Understanding Public Service Announcements
You may know them as PSAs, but what's their purpose?
Unlike traditional commercials, public service announcements (PSAs) are primarily designed to inform and educate rather than sell a product or service. PSAs set about to change public opinion and raise awareness on important issues while disseminating information quickly and efficiently.
Also known as public service ads, examples of issues covered in these announcements include drinking and driving, texting and driving, drug addiction, and safe sex. PSAs are found anywhere traditional ads can be seen, including on television and radio, outdoor and online media, direct mail, and in print.
Although PSAs are often confused with public relations (PR), there is a significant difference between the two. PR typically promotes something for commercial purposes, while PSAs are grounded in educating people, typically from a nonprofit's point-of-view.
The first PSAs appeared in the U.K. in 1938 through Public Relationship Films Ltd. World War II gave PSAs their first real platform as the British government wanted to support campaigns that touted optimism and encouraged the public to support the war effort in every way possible.
PSAs began similarly in the U.S. through a company founded in 1942 as the Advertising Council Inc., which was renamed the War Advertising Council Inc. in 1943 to support the war effort. In 1946, it reverted back to its original name and is known simply as The Ad Council.
Examples of Public Service Announcements
The most well-known and controversial PSAs of the last decade have been designed by the Truth Initiative with its "truth" campaign. Their guerilla-style ads and controversial street demonstrations have cut through the clutter to create a powerful message about the dangers of smoking. Truth advertisements are intended to be shocking, often using the "sledgehammer" approach to facts, but hitting people over the head with information that cannot be ignored.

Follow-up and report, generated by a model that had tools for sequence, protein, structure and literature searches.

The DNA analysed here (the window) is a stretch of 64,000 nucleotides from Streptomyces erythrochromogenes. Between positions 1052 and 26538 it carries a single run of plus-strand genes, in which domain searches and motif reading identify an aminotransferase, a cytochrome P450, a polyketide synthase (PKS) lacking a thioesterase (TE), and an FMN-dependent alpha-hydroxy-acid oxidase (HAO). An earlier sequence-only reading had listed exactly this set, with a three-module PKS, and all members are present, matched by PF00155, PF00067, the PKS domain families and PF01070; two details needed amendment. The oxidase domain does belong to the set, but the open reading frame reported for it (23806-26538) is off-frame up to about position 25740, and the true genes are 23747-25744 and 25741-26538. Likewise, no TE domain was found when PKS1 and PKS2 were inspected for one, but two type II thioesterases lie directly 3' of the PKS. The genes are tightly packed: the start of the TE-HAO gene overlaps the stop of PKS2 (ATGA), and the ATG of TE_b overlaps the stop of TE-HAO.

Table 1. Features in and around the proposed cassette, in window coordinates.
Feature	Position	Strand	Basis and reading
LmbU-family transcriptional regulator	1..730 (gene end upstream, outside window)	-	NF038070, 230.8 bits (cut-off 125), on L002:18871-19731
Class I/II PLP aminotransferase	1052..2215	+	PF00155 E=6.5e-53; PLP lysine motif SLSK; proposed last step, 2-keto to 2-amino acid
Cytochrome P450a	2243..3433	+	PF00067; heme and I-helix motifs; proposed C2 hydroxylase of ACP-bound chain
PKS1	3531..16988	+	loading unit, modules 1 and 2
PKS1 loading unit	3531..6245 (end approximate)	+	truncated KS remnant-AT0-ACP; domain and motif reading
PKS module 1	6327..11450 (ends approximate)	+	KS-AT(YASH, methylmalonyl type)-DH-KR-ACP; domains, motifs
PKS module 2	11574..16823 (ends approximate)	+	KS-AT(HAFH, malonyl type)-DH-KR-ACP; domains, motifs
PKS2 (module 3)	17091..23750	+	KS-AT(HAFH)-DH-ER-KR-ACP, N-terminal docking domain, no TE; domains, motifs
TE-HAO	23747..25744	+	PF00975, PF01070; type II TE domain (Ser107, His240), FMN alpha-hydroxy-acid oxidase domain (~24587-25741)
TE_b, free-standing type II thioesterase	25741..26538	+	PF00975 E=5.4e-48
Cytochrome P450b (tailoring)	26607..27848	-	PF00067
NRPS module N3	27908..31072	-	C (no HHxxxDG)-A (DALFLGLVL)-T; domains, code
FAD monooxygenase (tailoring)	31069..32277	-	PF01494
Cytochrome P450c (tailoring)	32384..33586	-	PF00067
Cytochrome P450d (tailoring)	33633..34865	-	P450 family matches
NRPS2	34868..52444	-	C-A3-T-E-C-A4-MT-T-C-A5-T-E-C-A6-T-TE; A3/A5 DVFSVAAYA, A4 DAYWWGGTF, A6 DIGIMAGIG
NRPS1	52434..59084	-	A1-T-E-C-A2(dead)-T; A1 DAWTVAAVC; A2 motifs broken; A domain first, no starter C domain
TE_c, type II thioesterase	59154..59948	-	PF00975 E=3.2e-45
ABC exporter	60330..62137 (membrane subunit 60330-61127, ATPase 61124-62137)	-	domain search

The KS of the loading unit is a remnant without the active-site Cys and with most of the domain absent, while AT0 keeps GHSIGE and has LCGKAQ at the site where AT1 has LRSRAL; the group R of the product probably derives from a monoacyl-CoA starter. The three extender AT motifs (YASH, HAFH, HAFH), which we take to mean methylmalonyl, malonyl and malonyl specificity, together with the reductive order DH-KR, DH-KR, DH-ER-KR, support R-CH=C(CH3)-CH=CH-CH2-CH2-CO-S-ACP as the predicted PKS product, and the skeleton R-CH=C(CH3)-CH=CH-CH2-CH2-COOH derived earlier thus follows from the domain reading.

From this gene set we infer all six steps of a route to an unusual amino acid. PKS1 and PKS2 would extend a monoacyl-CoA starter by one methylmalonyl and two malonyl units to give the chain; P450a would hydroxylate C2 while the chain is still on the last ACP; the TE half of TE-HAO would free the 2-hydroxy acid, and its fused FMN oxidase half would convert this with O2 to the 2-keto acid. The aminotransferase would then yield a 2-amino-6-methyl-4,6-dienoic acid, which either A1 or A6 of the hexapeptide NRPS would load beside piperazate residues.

Thousands of PSAs have been developed over the years, and some messages have stood the test of time, even if the style and content is a little dated. Here are five that stand out:
- I Learned It From Watching You: A dad comes into his teen son's bedroom and starts interrogating him about the drugs that he's found. At first, the teen is reluctant to tell him where he got the idea from. It seems like he's covering for his friends. Then, the bombshell comes out: "I learned it from watching you"—a harsh reminder that adults who use drugs influence their kids' behavior.
- Don't Die of Ignorance: AIDS is an epidemic that has gripped the world with fear. In the 1980s, the PSAs surrounding the disease grew scarier and more shocking as its impact began to take hold. Perhaps the greatest example of these was from the U.K. Titled "Don't Die of Ignorance," the enormous gravestone sent shivers down everyone's spines.
- Keep America Beautiful: A PSA so famous, it was parodied in the smash hit film "Wayne's World 2." You probably recognize it, even if you weren't actually around for the original airing. In this TV and print campaign, the focus is on a Native American in the wilderness, and the damage to nature he sees unleashed from litter and pollution. The iconic "crying Indian" was born from this campaign.
- Brain on Drugs: Heroin's effect is catastrophic, and this PSA aimed to show that in the most shocking way. An egg is pounded by a cast iron skillet. That's your brain on drugs. The rest of the kitchen gets destroyed to show not only what happens to you, but how your family gets affected. Memorable, indeed.
- Friends Don't Let Friends Drive Drunk: A truly innovative approach to the widespread drinking and driving problem, this strategy was clear. People who have been drinking don't make smart choices. But their friends, if they're clear-headed, are culpable if they let their drunk friends get behind the wheel.